I haven’t read any other Anne O’Brien books, so I have no basis for comparison against other works. I’m personally not a fan of first-person POV for actual historical people, either, but I gave it a chance because of the subject matter.
Unfortunately, because of the focus is so astonishingly heavy on the addictive love aspect that these two characters share and little else (romance does not have to be constant gush in my humble opinion, and certainly not almost every single scene) it caused Katherine - in my perception of her history, a woman of strength and intellect as well as grace and dignity - to come off bland and uninspired, and actually irritating. Her perpetual worry is how much she loves John but he might not feel the same, even when he tells her, and she lets us know constantly. Even after a 25+ year relationship, when, after all the things they'd experienced and lived through, she's worrying about whether he actually loves her. I was left wondering that if she was that distracted for so much of her life how she ever got anything done, including learn enough about anything to become a governess to ducal children (which is stressed as the *huge* role it was). I’m positive if she was that shallow and extraordinarily irresolute the Duke of Lancaster wouldn’t have left her such a glowing epitaph or let her so near his children to educate them! But this version of Gaunt, too, leaves much to be desired.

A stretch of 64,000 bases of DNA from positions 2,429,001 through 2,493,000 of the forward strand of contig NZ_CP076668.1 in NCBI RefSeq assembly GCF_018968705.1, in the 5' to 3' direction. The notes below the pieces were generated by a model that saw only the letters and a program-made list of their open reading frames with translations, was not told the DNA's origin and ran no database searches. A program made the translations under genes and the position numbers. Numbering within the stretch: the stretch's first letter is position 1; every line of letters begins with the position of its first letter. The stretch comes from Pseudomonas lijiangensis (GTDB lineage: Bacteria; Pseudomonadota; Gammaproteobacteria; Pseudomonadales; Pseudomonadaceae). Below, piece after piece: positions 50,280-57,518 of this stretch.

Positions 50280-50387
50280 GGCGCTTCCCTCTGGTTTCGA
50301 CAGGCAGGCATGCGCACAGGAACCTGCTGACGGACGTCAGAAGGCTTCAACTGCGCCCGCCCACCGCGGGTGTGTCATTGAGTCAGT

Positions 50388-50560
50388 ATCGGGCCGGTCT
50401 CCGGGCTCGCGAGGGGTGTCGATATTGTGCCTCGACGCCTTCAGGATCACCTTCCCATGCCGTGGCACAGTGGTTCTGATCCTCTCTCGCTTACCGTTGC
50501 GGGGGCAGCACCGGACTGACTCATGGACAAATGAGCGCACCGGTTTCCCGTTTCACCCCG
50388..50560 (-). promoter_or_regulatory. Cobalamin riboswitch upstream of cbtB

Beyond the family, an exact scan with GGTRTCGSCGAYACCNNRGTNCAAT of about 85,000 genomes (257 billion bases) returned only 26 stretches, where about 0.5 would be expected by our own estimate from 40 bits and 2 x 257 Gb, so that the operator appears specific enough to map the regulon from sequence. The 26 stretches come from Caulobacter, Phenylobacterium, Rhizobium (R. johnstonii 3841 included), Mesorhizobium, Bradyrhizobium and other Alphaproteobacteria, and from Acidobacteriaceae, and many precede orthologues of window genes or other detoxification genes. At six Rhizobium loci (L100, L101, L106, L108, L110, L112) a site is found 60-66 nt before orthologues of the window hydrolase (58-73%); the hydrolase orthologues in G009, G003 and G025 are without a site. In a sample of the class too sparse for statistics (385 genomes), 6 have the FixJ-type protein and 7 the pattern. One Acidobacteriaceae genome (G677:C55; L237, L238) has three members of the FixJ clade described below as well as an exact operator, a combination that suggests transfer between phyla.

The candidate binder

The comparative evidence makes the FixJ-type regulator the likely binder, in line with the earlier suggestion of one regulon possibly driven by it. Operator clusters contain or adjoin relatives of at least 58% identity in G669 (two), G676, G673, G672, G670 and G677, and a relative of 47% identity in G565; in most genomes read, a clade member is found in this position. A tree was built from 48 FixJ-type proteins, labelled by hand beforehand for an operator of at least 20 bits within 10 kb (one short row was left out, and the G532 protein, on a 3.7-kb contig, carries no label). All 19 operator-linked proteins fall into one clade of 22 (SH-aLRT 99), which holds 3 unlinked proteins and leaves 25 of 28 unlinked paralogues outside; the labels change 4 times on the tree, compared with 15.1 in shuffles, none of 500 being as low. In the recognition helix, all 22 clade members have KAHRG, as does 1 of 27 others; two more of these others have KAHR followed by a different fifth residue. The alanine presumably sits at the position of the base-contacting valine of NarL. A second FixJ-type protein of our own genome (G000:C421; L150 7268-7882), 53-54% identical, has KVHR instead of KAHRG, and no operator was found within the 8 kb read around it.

I think the story misses out on all that strength and wilfulness I believe Katherine had in bounds (especially in widowhood), which was still completely possible to possess even with the grace and dignity expected of someone brought up in Queen Philippa’s household. Women could be powerhouses, and have senses of humour, whilst still maintaining their emotions. I don't think a romance story should need to eject that to be romantic. Unfortunately, for me, this version of Katherine Swynford misses out on everything that made her whole, and I find it difficult to like heroines who have nothing much else to offer but selfish devotion.